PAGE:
Firearms / Law and Policy / Media

New York Times Steps to Buy a Gun, Homicide, and Suicide Cross-Nationally

Not what I wanted to do this morning, but when I saw a fellow sociologist Tweet about a New York Times story on “How to Buy a Gun in 15 Countries,” I couldn’t help myself. According to the Times, “Many Americans can buy a gun in less than an hour. In some countries, the process takes months. Here are the basic steps for how most people buy a gun in 15 of them.”

My colleague asked, “Notice a pattern?”

I didn’t have time to go through and parse the data a bunch of different ways, but as I scanned through the list of countries I didn’t immediately see a relationship between the number of steps it took to buy a gun and two important negative outcomes in society: homicide and suicide.

Is there a patterned relationship between the number of steps someone has to go through to buy a gun in these 15 countries and the countries’ overall rates of homicide and suicide?

Homicide rates are weakly related to the number of steps it takes to buy a gun in these 15 countries. The polynomial trendline increases through the middle of the range then decreases at the high end (Japan), but the correlation is weak (0.071).

The relationship between suicide rates and the number of steps it takes to buy a gun is slightly stronger (0.085), but still weak and not in the direction suicide prevention advocates would like. The polynomial trendline increases fairly consistently through the range then jumps up somewhat at the end (again, Japan).

Looking at the combined rate of homicide and suicide, we see a still stronger though still weak correlation (0.123) with steps to buy a gun, with the polynomial trendline starting at the United States (2 steps and 14.58 combined rate) and arcing its way upward and leveling off toward Japan (13 steps and 18.71 combined rate). In between you can find two countries with 8 steps but dramatically different death rates by homicide and suicide (Austria’s 12.61 rate and Brazil’s 32.34 rate). Ditto for 7 steps: Germany 9.95 combined rate vs. Russia’s 45.91 combined rate.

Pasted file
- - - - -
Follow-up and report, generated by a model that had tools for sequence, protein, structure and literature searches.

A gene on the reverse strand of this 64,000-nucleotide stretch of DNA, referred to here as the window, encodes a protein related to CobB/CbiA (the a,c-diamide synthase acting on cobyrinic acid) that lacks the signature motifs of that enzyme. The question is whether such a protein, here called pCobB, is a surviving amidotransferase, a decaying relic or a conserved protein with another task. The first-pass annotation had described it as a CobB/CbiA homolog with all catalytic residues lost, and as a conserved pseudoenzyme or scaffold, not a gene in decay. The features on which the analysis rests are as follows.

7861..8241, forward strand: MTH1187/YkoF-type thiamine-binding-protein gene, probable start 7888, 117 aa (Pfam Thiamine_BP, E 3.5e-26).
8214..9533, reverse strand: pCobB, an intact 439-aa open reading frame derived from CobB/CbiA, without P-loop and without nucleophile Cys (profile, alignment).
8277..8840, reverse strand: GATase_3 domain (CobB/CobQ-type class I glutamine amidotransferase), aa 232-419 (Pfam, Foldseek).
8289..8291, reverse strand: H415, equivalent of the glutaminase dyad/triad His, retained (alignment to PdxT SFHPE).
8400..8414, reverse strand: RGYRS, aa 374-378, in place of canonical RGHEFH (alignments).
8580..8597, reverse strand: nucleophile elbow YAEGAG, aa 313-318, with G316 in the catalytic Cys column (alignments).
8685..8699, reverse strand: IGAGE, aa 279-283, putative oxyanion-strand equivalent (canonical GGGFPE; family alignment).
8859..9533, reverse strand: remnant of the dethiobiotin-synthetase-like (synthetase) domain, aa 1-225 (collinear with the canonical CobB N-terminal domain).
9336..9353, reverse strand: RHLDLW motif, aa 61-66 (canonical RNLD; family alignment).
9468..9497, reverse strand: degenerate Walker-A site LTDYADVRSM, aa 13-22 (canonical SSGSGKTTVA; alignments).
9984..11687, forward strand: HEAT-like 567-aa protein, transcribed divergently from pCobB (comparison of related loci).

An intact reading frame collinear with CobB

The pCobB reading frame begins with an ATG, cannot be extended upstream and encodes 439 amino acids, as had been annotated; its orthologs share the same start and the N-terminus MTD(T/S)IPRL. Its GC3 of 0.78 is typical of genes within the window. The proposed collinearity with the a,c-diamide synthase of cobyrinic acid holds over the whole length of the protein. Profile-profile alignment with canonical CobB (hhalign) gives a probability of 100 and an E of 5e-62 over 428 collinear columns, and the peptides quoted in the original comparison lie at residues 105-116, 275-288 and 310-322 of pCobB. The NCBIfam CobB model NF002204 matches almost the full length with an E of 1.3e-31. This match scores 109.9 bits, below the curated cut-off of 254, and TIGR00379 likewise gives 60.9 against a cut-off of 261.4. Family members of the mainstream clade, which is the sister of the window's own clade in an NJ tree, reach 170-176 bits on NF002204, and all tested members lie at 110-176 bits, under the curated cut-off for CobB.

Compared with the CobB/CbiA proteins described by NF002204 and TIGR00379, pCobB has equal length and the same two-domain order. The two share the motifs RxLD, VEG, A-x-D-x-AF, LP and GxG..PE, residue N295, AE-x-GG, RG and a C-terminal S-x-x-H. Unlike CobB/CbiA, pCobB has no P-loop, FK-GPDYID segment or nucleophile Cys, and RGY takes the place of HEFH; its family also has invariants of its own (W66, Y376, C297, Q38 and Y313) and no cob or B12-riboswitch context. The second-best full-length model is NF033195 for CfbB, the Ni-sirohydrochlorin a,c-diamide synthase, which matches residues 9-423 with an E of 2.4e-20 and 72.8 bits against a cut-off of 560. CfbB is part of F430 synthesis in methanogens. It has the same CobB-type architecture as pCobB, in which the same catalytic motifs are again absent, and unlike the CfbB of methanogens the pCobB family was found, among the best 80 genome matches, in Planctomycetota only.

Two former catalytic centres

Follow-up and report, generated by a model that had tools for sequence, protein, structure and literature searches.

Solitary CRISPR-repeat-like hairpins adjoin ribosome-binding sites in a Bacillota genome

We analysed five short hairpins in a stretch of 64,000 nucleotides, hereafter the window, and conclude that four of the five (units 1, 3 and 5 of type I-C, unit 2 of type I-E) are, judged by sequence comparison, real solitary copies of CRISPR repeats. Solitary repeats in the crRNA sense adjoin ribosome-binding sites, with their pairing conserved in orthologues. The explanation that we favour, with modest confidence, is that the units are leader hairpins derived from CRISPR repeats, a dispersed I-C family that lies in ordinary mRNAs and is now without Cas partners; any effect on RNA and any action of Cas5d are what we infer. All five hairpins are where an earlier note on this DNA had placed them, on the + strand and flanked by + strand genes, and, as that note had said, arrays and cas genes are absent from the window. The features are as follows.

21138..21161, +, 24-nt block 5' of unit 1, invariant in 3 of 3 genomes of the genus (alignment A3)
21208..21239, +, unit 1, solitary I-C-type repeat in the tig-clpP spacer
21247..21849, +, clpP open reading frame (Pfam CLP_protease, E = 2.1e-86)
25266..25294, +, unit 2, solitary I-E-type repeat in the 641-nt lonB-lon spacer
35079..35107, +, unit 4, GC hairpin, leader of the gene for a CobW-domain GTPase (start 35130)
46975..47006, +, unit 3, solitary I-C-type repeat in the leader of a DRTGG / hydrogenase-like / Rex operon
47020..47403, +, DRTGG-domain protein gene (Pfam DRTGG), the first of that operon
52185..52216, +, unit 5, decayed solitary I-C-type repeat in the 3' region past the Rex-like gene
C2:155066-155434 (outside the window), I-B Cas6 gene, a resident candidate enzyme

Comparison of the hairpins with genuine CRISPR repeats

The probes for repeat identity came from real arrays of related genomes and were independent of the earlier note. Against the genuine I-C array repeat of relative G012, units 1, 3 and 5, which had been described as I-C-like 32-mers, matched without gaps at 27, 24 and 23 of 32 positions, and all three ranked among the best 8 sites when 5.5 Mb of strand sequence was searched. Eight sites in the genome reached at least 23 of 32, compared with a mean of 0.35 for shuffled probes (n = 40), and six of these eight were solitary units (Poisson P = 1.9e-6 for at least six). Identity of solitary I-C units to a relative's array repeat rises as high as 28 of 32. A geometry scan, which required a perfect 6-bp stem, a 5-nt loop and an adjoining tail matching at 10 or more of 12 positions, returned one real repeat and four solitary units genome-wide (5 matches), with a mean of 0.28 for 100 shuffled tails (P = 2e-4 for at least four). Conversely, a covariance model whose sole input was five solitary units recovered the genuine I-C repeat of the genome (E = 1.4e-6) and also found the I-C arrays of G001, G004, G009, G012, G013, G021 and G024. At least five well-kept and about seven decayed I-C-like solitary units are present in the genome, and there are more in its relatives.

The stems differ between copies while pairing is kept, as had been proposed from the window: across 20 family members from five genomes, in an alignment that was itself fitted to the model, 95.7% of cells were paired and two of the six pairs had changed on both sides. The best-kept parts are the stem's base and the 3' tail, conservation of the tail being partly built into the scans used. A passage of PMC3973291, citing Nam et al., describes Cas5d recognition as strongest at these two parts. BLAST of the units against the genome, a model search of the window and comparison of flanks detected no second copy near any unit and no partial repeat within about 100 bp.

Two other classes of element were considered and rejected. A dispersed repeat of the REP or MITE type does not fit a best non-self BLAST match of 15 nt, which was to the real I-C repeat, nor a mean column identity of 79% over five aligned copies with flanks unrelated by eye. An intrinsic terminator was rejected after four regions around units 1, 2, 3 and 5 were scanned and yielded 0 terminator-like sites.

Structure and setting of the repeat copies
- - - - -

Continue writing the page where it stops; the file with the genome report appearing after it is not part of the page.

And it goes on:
The closest countries to the United States are Austria (8 steps, 12.61 combined rate) and Yemen (2 steps, 16.67 combined rate).

If others parse the New York Times “How to Buy a Gun” data other ways, please let me know and I’m happy to post additional results.

*NOTE: I almost always use OVERALL rates of homicide and suicide rather than rates of FIREARMS homicide and suicide because I am concerned about everyone who dies these ways not just those whose mechanism of death is firearms. This also takes into account the reality of substitution — if people can’t use guns they may just use some other mechanism to kill others or themselves. And it highlights the possibility that the same socio-cultural dynamics which permit the government to restrict access to firearms may also entail other pathologies which many do not find an acceptable trade-off (thinking of South Korea, for example, here – #148 gun ownership rate internationally, 0.74 homicide rate, and #2 global suicide rate).

If you’re interested, the underlying data and sources I’ve used are available as a Google Sheet.

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6 thoughts on “New York Times Steps to Buy a Gun, Homicide, and Suicide Cross-Nationally

  1. What it basically says is that if you don’t live in Brazil, Russia, or S. Africa, the number of steps is not correlated to the death rate. I’m not entirely surprised as one would expect a lot of other things to matter, as it seems to on the microscale in places like Chicago, where the precinct homicide rate varies by two orders of magnitude at constant gun laws.

    The article is a bit of question-begging, as if people are supposed to think it matters but the Times never analyzes it.

    Liked by 1 person

    • I think it’s interesting to look at the different processes for legally acquiring a firearm across different countries. What’s not interesting is what you said, that there is supposed to be some obvious conclusion drawn from it. Like my sociologist friend said, notice the pattern? In fact I didn’t notice a pattern and there’s not a pattern except as younsaid the lack of a relationship.

      Liked by 2 people

      • With correlation coefficients around 0.1 or less, its a nothingburger. I suspect even a casual study of Russia, S.Africa, and Brazil would indicate the social/political reasons why people are snuffing themselves and each other out. Like Chi-raq, there are other axes/principle components that should be on that chart.

        I am not one of those 2A absolutists who don’t think we should be trying to improve things here, but it rubs me the wrong way when stuff gets tossed out to readers half-baked in a good newspaper.

        Liked by 1 person

  2. I know it’s my broken-record bete noir, but any sort of snapshot analysis like this can’t actually tell us anything useful about how the given laws themselves relate to social harm, even if a meaningful correlation is found.

    To show the law actually actually correlates to social harm levels, as opposed to being merely coincidental, you have to show stat sig change in the rate trends from prior to the imposition of the law. To, with intellectual integrity, claim a causal link you also have to be able to demonstrate some reasonably direct mechanical connection between the structure of the law and the given change in behavior.

    Otherwise it’s all just post hoc conjecture on what the laws of “then” have to do with the numbers “now.”

    Liked by 1 person

  3. Pingback: Weekend Knowledge Dump- March 9, 2018 | Active Response Training

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